By the time HealthCare.gov launched 51/2 weeks later, many of those predictions proved wrong, according to internal documents obtained by The Washington Post and officials familiar with the project.
Raising Canaan? Wine cellar found in ancient palace (23 November 2013)
NEW YORK, N.Y.--Scientists have uncovered a 3,700-year-old wine cellar in the ruins of a Canaanite palace in Israel, and chemical analysis shows this is where they kept the good stuff.
Samples from the ceramic jars suggest they held a luxurious beverage that was evidently reserved for banquets, researchers said.
"It's not wine that somebody is just going to come home from a hard day and kick back and drink," said Andrew Koh of Brandeis University. He found signs of a blend of ingredients that may have included honey, mint, cedar, tree resins and cinnamon bark.
The discovery confirms how sophisticated wines were at that time, something suggested only by ancient texts, said Eric Cline of George Washington University. He, Koh and Assaf Yasur-Landau of the University of Haifa in Israel spoke to reporters Thursday before their work was presented Friday at a meeting of the American Schools of Oriental Research.
Rise of Bitcoin: Is the digital currency a solution or a menace? (23 November 2013)
Celine Sotelo "likes to be on the cutting edge," so she was intrigued when a friend this summer touted the virtues of a new kind of money called Bitcoin. She downloaded the software that would allow her family-owned floral shop/cafe to accept BTC, as Bitcoin is known. In August she posted a sign, "Bitcoin accepted here," at her shop on Los Angeles's Westside.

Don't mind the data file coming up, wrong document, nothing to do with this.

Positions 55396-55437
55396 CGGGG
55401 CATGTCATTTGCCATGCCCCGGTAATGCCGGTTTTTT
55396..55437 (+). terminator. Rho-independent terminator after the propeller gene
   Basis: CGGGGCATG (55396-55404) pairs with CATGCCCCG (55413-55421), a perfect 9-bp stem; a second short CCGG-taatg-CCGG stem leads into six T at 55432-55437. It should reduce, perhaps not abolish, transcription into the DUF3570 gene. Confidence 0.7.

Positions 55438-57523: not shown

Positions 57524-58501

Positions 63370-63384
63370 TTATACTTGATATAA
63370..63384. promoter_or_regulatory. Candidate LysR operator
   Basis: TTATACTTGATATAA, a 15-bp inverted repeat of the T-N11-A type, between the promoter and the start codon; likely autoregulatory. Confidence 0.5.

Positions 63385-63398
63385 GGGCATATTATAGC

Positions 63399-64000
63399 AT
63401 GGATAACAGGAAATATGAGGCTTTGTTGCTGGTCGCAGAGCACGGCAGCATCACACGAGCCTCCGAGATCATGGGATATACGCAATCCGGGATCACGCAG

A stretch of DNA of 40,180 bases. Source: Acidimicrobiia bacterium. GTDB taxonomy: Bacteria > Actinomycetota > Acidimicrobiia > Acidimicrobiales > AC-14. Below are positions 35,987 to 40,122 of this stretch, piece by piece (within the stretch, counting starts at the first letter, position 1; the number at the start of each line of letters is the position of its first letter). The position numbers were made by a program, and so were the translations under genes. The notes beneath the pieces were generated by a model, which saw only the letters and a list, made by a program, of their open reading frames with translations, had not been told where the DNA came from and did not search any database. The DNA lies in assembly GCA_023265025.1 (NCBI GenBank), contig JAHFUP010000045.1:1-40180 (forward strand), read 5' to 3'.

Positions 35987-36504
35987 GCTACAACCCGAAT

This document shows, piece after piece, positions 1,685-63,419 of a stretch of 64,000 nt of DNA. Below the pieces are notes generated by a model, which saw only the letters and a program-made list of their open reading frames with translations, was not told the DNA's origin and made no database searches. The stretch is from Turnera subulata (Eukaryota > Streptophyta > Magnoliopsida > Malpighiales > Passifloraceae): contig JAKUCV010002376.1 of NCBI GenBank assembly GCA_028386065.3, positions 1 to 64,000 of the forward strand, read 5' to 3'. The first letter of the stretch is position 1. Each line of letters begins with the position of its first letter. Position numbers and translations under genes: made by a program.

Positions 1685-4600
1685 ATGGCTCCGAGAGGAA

She got her first taker in mid-November. She hopes it's the dawn of more demand. But Ms. Sotelo says she is also a little worried because, frankly, she doesn't fully understand Bitcoin yet.
"I used the phone app and pushed the right buttons, but I'm a little freaked out," Sotelo says after the customer paid $59.95 to Le Petit Jardin by sending her digital bitcoins via his cellphone. "I have no idea if I got the money or not."
A lot of people, it seems, are both interested in Bitcoin and "a little freaked out" by it. Bitcoin, after all, does not really exist, in the physical sense. It is a digital currency, and buyers use their smart phones to swap online credits with sellers of goods and services willing to accept payment in Bitcoin.
Sen. Creigh Deeds Makes First Public Remarks After Brutal Attack (22 November 2013)
State Sen. Creigh Deeds has been released from the University of Virginia Medical Center.
Spokesman Eric Swensen said Deeds was released Friday morning from the Charlottesville hospital. Deeds was airlifted from his home in Bath County Tuesday after police say his son stabbed him multiple times and then killed himself.
Swensen declined any additional comment on Deed's release.
A message posted on Creigh Deeds' Facebook page Thursday reads: "The outpouring of support from throughout the Commonwealth and across the United States has been overwhelmingly kind and comforting. Please keep Senator Deeds and his family in your thoughts and prayers. During this difficult time, we thank you for your continued respect for the family's privacy."
Senator Deeds tweeted the following at 11:25 a.m.
"I am alive so must live. Some wounds won't heal. Your prayers and your friendship are important to me"
Creigh Deeds's son, my daughter and my fears about Virginia's mental health system (22 November 2013)
I was coming home from visiting my 11-year-old daughter at a Virginia psychiatric hospital Tuesday when I heard about the stabbing of state Sen. Creigh Deeds and the suicide of his son, Austin. According to some reports, the younger Deeds had been denied admittance to a psychiatric hospital the day before. I was heartbroken. This family was let down by the same broken mental health system my family depends on.